Becoming the first rider in the history of WorldSBK to win five titles and making them successive, each season has had its own story for Jonathan Rea.
Record-shattering, history-making and breath-taking: Jonathan Rea (Kawasaki Racing Team WorldSBK) has become the first rider in World Superbike history to achieve five World Championships, even managing to achieve them successively. The Northern Irishman has done his nation proud, so look back on five key moments from five impressive titles; Jonathan Rea’s highlights in an admirable spell of SBK® action.
As the 2015 WorldSBK season continued to rumble on, the opposition were reeling Rea back in on a more regular basis, and Chaz Davies in particular was gaining momentum. Trying to master a disappearing act in the heat and humidity of Malaysia at Sepang was never going to work for Tom Sykes, and sure enough, Davies and Rea caught and passed their fellow countryman with four laps to go. But Rea wasn’t done and chased down Davies and got the Welshman on the final lap. Pulling out a good gap, Rea looked like he had it all done, but never, ever say ‘never’. A mistake into the final corner allowed Davies to slice up the inside but Rea himself wasn’t done with yet. Squaring the corner off and getting the run to the line, Rea powered to the win with the Malaysian fans cheering.
The first German round for three years proved to be quite a dramatic one for World Superbike, as Jonathan Rea’s championship aspirations took a big dent. Having retired from Race 2 at the previous event at Laguna Seca, Rea’s form failed to pick up in Germany as a rare, mechanical issue forced him to crash in Race 1. The EuroSpeedway Lausitz was not his best friend, although that all changed for Race 2. A deluge of rain had set in at the track – situated 65km north of Dresden. Tom Sykes, who had pinched 20 points out of Rea’s lead in Race 1, crashed on the opening lap of the race, whilst Race 1 winner Chaz Davies could only manage a sixth place. This left Rea to cruise to a ninth victory of the year, heading home Independent stars Xavi Fores and Alex De Angelis. From the first back-to-back DNFs in five years to extending his championship lead, his last win of the year proved to be an important one.
Having looked like he had inherited a win in Race 1 after Chaz Davies crashed out the lead, Jonathan Rea suffered a similar fate after being overtaken by teammate Tom Sykes a lap before. The Ulsterman crashed out of second at the Old Hairpin with three laps to go. Eager to take a first win at Donington Park with Kawasaki, Rea set the pace in Race 2 and resisted Sykes’ onslaught in the closing stages. It was a day where Kawasaki came and conquered, but it would be Jonathan Rea who had done enough in front of his loyal home crowd to take the win. It was his first win at Donington Park in five years and would be his last win there until this year, when he completed the hat-trick to retake the championship lead. The numbers always seem to add up for the most successful WorldSBK rider of all time.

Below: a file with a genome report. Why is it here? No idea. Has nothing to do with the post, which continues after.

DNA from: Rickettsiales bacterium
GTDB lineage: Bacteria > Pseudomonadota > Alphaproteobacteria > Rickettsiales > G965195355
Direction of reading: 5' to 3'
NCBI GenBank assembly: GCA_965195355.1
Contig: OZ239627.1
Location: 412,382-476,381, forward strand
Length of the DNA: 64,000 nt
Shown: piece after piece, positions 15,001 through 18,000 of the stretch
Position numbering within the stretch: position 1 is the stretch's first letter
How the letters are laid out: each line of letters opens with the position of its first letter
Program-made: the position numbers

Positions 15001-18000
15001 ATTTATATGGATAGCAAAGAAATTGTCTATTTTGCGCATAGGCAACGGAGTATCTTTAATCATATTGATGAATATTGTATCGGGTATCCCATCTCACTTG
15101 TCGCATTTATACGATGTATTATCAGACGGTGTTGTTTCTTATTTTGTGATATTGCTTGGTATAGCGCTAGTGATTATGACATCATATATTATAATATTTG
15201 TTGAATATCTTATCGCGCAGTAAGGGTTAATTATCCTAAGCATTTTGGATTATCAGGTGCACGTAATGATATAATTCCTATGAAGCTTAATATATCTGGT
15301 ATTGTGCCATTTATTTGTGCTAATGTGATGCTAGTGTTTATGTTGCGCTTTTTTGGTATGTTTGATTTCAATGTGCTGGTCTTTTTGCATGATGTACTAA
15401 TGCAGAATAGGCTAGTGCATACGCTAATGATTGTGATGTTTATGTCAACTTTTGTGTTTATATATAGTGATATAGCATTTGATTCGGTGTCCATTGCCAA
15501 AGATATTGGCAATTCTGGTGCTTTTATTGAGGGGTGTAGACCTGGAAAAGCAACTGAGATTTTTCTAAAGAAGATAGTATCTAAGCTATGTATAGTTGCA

It was his worst start to a WorldSBK season with Kawasaki in 2018; Rea was on just two of the first four podiums and was beaten in a titanic last lap scrap by Marco Melandri in Race 2 at Phillip Island. At Aragon and Assen, wins went to Chaz Davies and Tom Sykes respectively, proving that Jonathan was beatable. But at Imola, it was Rea’s turn to thoroughly stamp his authority on what had been up until then, a rather unpredictable opening to the championship. Demolishing the opposition in both Race 1 and Race 2, Rea stormed to his first double at Imola since 2015, and in Ducati’s backyard. This was the start of an unbelievable sequence for Rea, where he would feature off the podium in just one of the next 29 races. Just how has he done it?
Trailing the championship lead, Jonathan Rea was beginning to look like he may lose his crown in 2019. However, two massive errors by championship leader Alvaro Bautista (ARUBA.IT Racing – Ducati) had really brought the Irishman back into play. However, in Race 2 at Misano, it would be Toprak Razgatlioglu (Turkish Puccetti Racing) who was the challenger. He led a race for the first time and wasn’t ready to give up his aspiration of giving Turkey a first WorldSBK win. The race went down to the last lap, with the two swapping paint and duking it out for World Superbike supremacy. In the end, experience prevailed over youthful exuberance and Rea held on to cut the gap to the championship lead to just 16. The rest as they say, is history…
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